BMCs were harvested at 6 weeks after CKD induction from CKD Lewis rats (for characteristics, see Table 1) and were incubated with or without 1 mmol/l pravastatin in Dulbecco’s modified Eagle medium (DMEM) for 2 hours at 37°C. Directly after incubation, cells were centrifuged and the conditioned medium was stored for further analysis. Cells were washed, resuspended in 1 ml DMEM and used for assessment of in vitro migration and apoptosis. Then 1 × 106 cells were stored in Trizol (Invitrogen, Grand Island, NY, USA) for RNA extraction.
Table 1

Donor characteristics and stratification of donor and recipient rats

In vitro pravastatin treatment

CKD ( n = 10)

   

SNX (%)

66 ± 2

   

Week 5 SBP (mmHg)

169 ± 28

   

Week 5 urea (mmol/l)

11 ± 2

   

Week 5 proteinuria (mg/24 hours)

18 ± 28

   

Ex vivo pravastatin treatment experiment

Donor rats

Healthy + DMEM BMC ( n = 2)

Healthy + pravastatin BMC ( n = 2)

CKD + DMEM BMC ( n = 4)

CKD + pravastatin BMC ( n = 5)

SNX (%)

64.0 ± 6.0

69.0 ± 5.5

Week 5 SBP (mmHg)

148 ± 34

152 ± 8

Week 5 urea (mmol/l)

4.6 ± 0.01

4.1 ± 0.9

15.0 ± 4.4

15.9 ± 6.9

Week 5 proteinuria (mg/24 hours)

1.4 ± 0.4

1.8 ± 0.7

24 ± 8

49 ± 46

Recipient rats

Healthy + DMEM BMC ( n = 5)

Healthy + pravastatin BMC ( n = 5)

CKD + DMEM BMC ( n = 10)

CKD + pravastatin BMC ( n = 9)

SNX (%)

66.3 ± 1.6

66.7 ± 6.4

66.5 ± 3.5

67.6 ± 7.1

Week 5 SBP (mmHg)

156 ± 15

155 ± 16

159 ± 25

155 ± 19

Week 5 urea (mmol/l)

10.1 ± 0.9

10.3 ± 1.5

12.1 ± 3.2

10.6 ± 2.3

Week 5 proteinuria (mg/24 hours)

21.6 ± 5.6

21.9 ± 6.8

23.7 ± 17.3

22.7 ± 8.4

Systemic in vivo pravastatin treatment

  

Recipient rats

CKD + pravastatin ( n = 5)

CKD ( n = 6)

  

SNX (%)

69 ± 2

66 ± 3

  

Week 5 SBP (mmHg)

158 ± 19

159 ± 10

  

Week 5 urea (mmol/l)

12.7 ± 1.1

12.8 ± 1.4

  

Week 5 proteinuria (mg/24 hours)

14.6 ± 2.7

16.5 ± 6.6

  

At 1 week before BMC or in vivo pravastatin administration (week 5 after SNX), rats were stratified based on plasma urea and SBP. Data presented as mean ± standard deviation. BMC, bone marrow cell; CKD, chronic kidney disease; DMEM, Dulbecco’s modified Eagle medium; SBP, systolic blood pressure; SNX, subtotal nephrectomy.

Bone marrow cell characteristics

Viability and proportions of myeloid and lymphoid cell precursors were studied by flow cytometry.

Migration assay

Migration of pretreated CKD BMCs was determined using a modified Boyden chamber assay. Then 300,000 living cells were loaded above a 5 μm polycarbonate membrane (transwell permeable support system; Corning, Tewksbury, MA, NY, USA) and the wells below contained 200 ng/ml stromal derived factor 1 alpha (SDF1α), a strong BMC attractant [17]; vehicle (no SDF1α) was used as negative control. After 180 minutes, transwells were removed horizontally and 1 ml of 2 mmol/l phosphate-buffered saline-ethylenediamine tetraacetic acid was added to the bottom well and incubated for 15 minutes on ice. Cell suspensions were collected and counted by flow cytometry. The percentage of migrated DMEM-treated BMCs towards 200 ng/ml SDF1α was set at 100% and compared with the migration of pravastatin-treated cells.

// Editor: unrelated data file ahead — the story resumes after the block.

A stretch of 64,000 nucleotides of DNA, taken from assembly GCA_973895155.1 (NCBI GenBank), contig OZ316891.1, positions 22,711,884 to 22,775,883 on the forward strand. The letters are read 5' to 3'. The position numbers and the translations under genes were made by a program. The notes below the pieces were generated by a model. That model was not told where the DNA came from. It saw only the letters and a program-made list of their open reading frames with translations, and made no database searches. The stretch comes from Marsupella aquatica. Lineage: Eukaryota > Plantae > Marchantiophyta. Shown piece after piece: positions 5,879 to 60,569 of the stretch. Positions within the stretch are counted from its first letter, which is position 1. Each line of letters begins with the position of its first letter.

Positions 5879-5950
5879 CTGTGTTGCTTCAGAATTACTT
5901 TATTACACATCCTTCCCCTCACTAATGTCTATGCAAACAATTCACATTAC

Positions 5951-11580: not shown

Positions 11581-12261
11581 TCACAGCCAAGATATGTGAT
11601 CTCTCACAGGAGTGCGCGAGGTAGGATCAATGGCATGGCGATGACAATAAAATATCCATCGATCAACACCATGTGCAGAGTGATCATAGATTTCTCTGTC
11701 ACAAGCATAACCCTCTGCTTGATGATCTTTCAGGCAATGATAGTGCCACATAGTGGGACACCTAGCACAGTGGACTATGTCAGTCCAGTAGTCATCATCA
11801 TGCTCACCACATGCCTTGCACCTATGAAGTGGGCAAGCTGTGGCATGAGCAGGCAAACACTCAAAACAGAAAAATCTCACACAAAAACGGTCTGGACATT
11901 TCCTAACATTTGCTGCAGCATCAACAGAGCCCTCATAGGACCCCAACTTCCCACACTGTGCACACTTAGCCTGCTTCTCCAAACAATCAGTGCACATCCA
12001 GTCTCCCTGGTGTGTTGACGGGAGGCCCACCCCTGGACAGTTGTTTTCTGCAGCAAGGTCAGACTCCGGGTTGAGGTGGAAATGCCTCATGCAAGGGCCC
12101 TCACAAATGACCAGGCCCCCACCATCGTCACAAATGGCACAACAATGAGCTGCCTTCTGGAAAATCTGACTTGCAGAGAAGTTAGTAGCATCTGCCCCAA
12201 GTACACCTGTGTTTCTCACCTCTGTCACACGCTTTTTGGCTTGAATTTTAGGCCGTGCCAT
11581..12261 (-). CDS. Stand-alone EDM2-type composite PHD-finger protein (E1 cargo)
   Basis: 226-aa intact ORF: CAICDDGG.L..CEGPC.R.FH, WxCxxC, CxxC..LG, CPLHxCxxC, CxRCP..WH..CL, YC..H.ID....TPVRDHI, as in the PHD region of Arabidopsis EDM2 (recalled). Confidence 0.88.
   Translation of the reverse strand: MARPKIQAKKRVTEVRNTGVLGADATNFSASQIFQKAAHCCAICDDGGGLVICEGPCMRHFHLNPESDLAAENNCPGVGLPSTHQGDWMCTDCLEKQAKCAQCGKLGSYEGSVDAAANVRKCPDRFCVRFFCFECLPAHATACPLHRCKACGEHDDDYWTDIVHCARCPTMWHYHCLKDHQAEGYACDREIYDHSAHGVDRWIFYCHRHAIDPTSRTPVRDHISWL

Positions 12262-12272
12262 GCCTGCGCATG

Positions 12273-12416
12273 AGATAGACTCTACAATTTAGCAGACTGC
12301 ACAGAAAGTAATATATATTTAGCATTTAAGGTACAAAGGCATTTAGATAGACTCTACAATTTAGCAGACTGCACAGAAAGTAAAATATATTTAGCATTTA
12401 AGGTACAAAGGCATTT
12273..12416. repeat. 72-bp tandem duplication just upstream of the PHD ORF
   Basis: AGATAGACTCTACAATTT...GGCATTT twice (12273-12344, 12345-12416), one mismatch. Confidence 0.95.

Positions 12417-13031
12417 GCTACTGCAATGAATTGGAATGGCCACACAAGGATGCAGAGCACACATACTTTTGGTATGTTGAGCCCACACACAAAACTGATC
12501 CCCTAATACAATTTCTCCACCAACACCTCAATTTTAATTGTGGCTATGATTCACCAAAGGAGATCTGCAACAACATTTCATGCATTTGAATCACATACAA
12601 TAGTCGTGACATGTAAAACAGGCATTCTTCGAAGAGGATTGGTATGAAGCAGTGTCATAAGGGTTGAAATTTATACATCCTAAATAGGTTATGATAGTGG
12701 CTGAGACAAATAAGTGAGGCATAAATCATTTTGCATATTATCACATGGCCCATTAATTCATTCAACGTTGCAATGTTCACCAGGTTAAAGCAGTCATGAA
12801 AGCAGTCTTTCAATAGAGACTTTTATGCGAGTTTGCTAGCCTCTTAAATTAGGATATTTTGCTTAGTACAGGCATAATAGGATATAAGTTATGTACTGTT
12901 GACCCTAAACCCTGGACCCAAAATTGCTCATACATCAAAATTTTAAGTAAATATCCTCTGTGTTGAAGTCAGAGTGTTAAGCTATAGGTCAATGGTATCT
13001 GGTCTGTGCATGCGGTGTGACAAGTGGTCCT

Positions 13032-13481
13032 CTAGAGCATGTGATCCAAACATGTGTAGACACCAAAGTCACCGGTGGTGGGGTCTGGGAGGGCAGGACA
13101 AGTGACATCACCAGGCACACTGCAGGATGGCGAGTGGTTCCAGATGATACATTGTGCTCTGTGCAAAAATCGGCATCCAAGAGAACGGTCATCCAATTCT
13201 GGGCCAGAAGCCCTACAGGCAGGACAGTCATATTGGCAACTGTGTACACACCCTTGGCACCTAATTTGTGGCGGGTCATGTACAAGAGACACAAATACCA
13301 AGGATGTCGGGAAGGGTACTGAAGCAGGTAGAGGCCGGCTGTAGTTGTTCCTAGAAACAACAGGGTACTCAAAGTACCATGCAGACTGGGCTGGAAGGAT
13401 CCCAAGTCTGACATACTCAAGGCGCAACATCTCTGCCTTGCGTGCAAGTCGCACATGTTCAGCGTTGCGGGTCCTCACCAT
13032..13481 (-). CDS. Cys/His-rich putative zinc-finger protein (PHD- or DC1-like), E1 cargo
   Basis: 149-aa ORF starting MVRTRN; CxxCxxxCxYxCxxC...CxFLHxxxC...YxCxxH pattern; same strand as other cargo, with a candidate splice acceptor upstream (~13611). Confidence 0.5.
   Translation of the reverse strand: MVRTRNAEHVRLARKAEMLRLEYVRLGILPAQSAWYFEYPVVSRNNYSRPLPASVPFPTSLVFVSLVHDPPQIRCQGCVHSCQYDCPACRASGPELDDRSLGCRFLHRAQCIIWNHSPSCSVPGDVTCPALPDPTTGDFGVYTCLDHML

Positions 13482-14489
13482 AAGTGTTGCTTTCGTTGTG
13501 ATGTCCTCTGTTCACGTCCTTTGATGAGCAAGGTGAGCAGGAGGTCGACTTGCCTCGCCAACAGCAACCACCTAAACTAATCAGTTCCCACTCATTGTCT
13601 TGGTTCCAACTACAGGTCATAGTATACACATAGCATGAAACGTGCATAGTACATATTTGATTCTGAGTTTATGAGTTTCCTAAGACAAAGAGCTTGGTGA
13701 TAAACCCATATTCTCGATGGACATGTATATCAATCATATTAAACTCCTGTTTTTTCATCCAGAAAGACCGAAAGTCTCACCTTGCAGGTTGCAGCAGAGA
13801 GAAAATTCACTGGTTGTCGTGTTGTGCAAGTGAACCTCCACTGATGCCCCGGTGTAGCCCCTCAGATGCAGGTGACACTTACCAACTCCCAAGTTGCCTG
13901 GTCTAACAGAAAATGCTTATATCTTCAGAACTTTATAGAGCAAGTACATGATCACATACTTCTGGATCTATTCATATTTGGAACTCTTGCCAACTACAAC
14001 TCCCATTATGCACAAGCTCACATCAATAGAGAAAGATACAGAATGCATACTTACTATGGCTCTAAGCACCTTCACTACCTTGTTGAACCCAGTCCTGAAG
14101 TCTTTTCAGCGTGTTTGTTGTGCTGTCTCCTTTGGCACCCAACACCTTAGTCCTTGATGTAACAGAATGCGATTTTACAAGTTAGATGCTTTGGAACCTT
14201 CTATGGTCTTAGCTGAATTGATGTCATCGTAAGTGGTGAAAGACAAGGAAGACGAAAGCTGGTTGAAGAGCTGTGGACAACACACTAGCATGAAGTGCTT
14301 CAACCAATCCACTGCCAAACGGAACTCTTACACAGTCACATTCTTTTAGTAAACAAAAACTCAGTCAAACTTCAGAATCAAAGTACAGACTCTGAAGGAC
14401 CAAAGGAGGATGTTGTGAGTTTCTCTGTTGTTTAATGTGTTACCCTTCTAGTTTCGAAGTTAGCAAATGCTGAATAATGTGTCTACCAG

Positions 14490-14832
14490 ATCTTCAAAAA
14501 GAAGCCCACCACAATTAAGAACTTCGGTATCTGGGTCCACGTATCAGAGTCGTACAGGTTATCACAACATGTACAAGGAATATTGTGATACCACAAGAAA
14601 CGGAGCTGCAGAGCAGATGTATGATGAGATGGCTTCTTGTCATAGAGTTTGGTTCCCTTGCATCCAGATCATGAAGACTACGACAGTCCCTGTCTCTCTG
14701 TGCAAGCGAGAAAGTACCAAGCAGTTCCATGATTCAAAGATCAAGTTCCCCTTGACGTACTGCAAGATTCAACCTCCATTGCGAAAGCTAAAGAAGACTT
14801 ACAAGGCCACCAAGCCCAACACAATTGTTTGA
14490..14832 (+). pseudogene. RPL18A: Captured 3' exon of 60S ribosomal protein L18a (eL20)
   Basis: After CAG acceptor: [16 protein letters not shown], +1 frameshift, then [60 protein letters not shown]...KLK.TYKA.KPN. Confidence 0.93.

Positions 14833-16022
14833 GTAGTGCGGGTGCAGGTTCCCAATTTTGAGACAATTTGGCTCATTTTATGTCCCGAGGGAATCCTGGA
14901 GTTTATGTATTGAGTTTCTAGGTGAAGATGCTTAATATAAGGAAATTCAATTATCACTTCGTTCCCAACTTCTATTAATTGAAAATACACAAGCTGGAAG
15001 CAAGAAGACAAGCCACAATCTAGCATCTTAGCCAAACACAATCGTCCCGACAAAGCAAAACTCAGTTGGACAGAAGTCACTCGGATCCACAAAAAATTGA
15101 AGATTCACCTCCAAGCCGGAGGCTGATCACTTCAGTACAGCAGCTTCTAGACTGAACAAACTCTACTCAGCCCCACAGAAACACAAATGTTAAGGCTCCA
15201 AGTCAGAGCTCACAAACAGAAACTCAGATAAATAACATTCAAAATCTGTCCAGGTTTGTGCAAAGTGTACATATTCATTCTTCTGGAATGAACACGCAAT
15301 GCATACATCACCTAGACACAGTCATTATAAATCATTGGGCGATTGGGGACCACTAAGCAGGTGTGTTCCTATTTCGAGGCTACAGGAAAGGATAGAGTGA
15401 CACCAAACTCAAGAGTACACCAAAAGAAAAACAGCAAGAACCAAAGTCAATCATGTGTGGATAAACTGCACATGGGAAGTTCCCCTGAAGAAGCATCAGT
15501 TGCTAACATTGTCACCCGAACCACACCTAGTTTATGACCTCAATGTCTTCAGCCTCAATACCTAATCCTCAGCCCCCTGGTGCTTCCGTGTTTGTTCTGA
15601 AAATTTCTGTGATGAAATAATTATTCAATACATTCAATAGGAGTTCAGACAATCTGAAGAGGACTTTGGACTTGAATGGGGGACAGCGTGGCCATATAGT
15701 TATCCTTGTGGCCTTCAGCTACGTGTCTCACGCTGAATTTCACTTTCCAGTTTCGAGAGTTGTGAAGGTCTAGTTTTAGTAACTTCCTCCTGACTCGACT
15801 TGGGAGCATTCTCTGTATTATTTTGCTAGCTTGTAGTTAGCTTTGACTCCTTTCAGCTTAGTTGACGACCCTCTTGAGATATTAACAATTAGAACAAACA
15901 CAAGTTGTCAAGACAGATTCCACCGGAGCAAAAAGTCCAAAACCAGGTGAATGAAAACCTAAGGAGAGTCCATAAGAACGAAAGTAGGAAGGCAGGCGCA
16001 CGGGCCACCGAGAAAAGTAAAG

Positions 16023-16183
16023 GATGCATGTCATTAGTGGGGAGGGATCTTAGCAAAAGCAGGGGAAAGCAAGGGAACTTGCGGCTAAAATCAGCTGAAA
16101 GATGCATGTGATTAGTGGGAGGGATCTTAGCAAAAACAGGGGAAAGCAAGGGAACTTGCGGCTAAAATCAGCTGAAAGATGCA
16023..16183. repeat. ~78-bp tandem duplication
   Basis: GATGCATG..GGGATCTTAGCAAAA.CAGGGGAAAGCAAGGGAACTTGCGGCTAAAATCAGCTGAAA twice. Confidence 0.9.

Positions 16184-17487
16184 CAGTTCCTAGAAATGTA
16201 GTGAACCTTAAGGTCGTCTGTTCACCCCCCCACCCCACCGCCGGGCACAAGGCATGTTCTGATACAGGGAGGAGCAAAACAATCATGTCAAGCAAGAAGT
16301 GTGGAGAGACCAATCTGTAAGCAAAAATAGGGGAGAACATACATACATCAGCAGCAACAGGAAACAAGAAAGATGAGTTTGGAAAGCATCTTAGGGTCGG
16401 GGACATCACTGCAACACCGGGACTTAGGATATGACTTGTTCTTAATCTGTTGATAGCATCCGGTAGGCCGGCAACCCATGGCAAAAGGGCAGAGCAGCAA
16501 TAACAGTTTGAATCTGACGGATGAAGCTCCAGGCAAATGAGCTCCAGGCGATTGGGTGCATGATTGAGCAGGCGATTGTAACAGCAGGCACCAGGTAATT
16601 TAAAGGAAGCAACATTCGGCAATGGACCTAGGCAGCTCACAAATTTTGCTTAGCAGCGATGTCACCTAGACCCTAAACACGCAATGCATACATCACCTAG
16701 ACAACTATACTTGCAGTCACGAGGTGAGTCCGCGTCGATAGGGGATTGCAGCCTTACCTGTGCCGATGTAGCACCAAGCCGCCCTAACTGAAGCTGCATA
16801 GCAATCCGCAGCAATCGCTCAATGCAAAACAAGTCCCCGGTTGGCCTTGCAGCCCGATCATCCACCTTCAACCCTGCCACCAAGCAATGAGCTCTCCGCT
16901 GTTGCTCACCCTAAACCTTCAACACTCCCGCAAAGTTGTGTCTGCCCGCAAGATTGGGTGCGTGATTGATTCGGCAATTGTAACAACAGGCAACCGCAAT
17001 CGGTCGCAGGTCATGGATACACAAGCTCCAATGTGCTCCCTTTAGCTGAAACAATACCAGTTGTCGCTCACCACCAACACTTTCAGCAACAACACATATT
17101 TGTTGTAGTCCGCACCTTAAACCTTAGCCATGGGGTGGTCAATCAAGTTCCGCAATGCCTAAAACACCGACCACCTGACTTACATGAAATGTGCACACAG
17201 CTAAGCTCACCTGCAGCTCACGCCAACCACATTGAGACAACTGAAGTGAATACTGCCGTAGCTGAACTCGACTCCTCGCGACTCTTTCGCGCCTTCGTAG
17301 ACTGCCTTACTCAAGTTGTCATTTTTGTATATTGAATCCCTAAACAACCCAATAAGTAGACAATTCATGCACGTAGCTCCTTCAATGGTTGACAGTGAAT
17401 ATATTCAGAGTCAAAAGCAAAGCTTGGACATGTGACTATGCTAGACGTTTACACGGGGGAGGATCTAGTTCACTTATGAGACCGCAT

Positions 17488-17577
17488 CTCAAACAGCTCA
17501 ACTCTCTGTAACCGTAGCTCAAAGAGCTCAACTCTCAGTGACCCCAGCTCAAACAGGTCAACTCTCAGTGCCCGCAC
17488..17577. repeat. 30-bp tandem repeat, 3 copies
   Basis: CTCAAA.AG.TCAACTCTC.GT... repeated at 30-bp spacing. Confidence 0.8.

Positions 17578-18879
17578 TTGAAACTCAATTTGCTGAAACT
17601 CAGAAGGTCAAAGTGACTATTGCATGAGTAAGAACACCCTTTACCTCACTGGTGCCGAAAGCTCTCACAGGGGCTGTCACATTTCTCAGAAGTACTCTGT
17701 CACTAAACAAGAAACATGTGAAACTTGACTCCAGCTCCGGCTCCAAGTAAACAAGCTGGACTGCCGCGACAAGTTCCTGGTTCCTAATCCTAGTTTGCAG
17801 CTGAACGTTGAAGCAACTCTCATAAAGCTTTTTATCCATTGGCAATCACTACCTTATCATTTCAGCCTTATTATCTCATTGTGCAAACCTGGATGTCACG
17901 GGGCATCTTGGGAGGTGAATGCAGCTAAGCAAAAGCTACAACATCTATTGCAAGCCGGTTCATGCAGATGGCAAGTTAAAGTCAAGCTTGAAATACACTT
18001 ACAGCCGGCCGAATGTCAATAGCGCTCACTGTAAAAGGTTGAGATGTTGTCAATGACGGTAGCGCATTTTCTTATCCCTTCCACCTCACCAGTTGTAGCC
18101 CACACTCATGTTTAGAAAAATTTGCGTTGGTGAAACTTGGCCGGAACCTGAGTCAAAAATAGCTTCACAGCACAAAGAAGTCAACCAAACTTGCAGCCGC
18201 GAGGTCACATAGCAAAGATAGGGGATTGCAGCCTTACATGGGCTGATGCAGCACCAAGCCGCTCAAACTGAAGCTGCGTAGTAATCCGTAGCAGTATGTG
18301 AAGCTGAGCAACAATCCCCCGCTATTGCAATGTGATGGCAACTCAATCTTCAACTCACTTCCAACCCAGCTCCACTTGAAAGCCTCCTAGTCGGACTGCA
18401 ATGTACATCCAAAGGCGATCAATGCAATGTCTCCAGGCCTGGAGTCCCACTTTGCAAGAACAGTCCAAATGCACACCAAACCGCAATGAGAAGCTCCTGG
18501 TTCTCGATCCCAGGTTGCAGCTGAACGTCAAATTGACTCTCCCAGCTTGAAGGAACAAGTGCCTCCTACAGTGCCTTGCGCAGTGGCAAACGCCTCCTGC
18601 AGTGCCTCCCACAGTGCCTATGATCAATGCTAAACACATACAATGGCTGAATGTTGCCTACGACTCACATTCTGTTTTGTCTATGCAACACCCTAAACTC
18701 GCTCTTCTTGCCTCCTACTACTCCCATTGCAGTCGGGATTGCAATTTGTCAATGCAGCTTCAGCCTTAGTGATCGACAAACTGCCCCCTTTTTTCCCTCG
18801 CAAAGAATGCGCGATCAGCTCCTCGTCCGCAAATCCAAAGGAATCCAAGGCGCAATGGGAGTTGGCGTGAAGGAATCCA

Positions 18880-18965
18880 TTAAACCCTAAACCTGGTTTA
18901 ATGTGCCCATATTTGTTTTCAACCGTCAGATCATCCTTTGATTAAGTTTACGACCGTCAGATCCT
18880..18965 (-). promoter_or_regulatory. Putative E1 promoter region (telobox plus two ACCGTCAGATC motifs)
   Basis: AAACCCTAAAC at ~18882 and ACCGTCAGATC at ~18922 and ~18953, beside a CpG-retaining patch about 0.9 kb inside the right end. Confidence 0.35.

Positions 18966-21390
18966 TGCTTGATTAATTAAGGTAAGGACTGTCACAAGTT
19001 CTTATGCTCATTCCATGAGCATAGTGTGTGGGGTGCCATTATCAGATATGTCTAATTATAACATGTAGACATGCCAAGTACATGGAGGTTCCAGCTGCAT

Apoptosis

Cell suspension (50 μl) was used to create a cell smear, air dried, fixed with formalin and stored at −20°C. Terminal deoxynucleotidyl transferase dUTP nick end labeling (TUNEL) staining (Apoptag Plus in situ Peroxidase kit; Millipore, Temecula, CA, USA) was performed according to the manufacturer’s guidelines. The number of apoptotic cells was determined as the number of TUNEL-positive cells in the images of 20 randomly selected fields (×200 magnification).

Quantitative real-time PCR

We performed quantitative real-time PCR to determine the effects of pretreatment of CKD BMCs with pravastatin on the mRNA expression of endothelial NO synthase, protein kinase B, monocyte chemotactic protein 1, tumor necrosis factor alpha and vascular endothelial growth factor (ABiPRiSM 790Sequence Detection System; Applied Biosystems, Foster City, CA, USA). The following TaqMan® Gene Expression Assays (Applied Biosystems) were used: endothelial NO synthase, Rn02132634_s1; protein kinase B, Rn00583646_m1; monocyte chemotactic protein 1, Rn00580555_m1; tumor necrosis factor alpha, Rn99999017_m1; vascular endothelial growth factor, Rn00582935_m1; β-actin, Rn00667869_m1; and calnexin, Rn00596877_m1. Reactions were carried out in duplicate. Cycle time values for genes of interest were normalized for mean cycle time values of Calnexin and β-actin, which we previously determined to be the two most stable housekeeping genes across all groups using the geNorm program [18], and expressed relative to a calibrator (the DMEM group), using the ΔΔCt method. Hence, steady-state mRNA levels were expressed as the n-fold difference relative to the calibrator.

Cytokine array